Synopsis (spoilers ahead): Candace embraces her destiny as she explores her heritage in Landis. Meanwhile, Jon and Damian steal a sample of the virus that threatens Lois Lane, hoping they could find a cure before the world succumbs to it. With Tilly at their side, the Super Sons dodge the Four Fingers, and try to stay one step ahead of their pursuers as they make their way to Landis. A mysterious assassin named Talia al Ghul is also trailing the boys, and she shows a particular interest in Damian. Before the adventure ends, it’s up to Jon to save his family, while Damian proves himself to his father, and confronts the hidden demons of his past.
Analysis: I’ve said this in past reviews, but it bears repeating: these aren’t the Super Sons from the mainstream DC Universe, so adjust your expectations accordingly. Batkid and Superboy are a fun alternative to Damian and Jon, with fun adventures all their own. To repeat another point made in past reviews, the name “Super Sons” is almost deceptive, as Candace and Tilly play just as big of a role as their male counterparts.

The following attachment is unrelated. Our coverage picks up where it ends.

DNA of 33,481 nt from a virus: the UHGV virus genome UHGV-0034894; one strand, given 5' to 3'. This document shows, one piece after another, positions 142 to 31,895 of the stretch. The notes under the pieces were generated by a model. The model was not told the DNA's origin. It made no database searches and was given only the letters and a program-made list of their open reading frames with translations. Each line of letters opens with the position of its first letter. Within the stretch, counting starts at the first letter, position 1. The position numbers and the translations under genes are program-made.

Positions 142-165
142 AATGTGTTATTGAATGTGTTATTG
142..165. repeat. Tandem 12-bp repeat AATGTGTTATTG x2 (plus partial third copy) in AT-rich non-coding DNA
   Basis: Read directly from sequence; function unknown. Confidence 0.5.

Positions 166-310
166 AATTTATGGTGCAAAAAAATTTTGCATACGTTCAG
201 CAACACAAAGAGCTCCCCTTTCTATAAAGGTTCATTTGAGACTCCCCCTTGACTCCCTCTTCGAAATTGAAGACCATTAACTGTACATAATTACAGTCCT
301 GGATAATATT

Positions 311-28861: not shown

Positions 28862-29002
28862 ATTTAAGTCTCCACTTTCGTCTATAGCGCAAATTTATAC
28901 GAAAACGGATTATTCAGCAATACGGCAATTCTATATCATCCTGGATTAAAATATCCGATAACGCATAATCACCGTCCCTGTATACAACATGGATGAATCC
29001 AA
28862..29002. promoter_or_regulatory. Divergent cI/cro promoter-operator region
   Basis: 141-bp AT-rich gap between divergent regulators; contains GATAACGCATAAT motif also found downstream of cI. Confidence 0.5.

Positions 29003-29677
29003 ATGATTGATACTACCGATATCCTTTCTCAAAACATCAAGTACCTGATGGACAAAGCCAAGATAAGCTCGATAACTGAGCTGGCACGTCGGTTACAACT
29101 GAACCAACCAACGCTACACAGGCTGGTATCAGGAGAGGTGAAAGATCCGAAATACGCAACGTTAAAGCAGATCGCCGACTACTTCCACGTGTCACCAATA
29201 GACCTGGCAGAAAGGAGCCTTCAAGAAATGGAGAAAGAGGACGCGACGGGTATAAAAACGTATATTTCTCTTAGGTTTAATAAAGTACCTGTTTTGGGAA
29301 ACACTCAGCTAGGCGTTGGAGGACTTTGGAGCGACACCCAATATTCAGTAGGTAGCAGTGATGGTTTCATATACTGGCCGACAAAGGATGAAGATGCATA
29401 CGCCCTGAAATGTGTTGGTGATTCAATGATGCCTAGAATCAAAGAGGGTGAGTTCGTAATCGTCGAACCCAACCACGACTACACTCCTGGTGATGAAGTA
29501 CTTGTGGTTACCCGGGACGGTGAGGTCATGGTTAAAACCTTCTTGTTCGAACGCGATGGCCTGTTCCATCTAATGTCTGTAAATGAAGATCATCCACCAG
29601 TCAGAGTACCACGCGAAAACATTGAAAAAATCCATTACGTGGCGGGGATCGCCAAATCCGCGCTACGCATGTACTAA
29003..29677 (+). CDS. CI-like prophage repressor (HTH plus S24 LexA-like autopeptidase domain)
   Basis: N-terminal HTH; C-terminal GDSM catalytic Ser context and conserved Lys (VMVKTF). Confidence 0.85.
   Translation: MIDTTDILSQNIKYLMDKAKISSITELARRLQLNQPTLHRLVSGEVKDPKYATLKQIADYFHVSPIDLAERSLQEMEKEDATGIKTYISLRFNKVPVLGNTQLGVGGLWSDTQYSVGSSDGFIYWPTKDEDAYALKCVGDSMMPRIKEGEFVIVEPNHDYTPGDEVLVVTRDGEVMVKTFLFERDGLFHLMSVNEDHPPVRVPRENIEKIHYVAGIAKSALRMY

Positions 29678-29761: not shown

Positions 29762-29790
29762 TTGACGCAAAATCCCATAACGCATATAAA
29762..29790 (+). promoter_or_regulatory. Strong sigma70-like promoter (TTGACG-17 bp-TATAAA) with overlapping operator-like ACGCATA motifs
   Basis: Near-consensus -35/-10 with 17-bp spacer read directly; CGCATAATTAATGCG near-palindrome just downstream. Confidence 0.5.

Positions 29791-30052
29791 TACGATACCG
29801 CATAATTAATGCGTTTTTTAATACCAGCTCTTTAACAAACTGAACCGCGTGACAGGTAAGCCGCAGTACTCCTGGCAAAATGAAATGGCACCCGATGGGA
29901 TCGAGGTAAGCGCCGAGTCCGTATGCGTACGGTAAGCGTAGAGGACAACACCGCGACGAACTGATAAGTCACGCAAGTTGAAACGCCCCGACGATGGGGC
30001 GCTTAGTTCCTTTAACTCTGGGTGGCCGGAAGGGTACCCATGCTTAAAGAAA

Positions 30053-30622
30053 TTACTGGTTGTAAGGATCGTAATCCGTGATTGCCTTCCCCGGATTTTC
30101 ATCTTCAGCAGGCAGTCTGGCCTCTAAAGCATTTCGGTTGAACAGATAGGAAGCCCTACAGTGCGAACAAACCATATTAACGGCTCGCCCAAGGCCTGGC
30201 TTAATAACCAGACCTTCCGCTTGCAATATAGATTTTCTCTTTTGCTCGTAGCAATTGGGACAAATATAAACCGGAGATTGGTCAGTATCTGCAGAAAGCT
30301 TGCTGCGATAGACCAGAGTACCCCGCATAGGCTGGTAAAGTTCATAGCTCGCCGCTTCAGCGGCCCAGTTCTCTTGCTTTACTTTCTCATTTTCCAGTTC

Ridley Pearson writes a fun adventure tale, with plenty of action to thrill young readers. However, my favorite moments of the book came during the quiet moments, when the kids pigged out on fast food or enjoyed a bit of humor. Ile Gonzalez is back illustrating, and we wouldn’t have it any other way. Her dynamic style breathes life into these kids, and it wouldn’t be a Super Sons book without her art.
This book continues the global warming and virus subplot that began in book one, making this installment topical. Now that the country is in the midst of a pandemic, and wildfires and causing people to rethink global warming, this book has become more timely. There’s little doubt this was originally scripted before COVID-19 took over the world, but it’s still hard to see Jon think about his mother’s condition without being reminded of current events.
Like past entries in the Super Sons saga, this edition suffers from pacing issues. I feel this book would’ve benefited from a bigger page-count. Damian’s confrontation with Talia was too brief, and there wasn’t much time to reflect on it once the dust settled. The final pages felt a bit rushed, with the trilogy concluding on a panel of Clark and Bruce making a Silver Age-inspired pun about their “Super Sons.” Despite pacing issues, this is a fun read, whether you’re a fourth-grader or a full grown adult.
Final Thoughts: The Super Sons saga reaches a satisfying conclusion. Ridley Pearson and Ile Gonzalez knock it out of the park again. If you’re looking for a fun afternoon reading experience, then look no further than “Super Sons: Escape to Landis.”
Editor’s Note: DC Comics provided TBU with a copy of this comic for review purposes. You can find this comic digitally and help support TBU in the process by purchasing this issue through Comixology or you can purchase the physical version of the book on Amazon.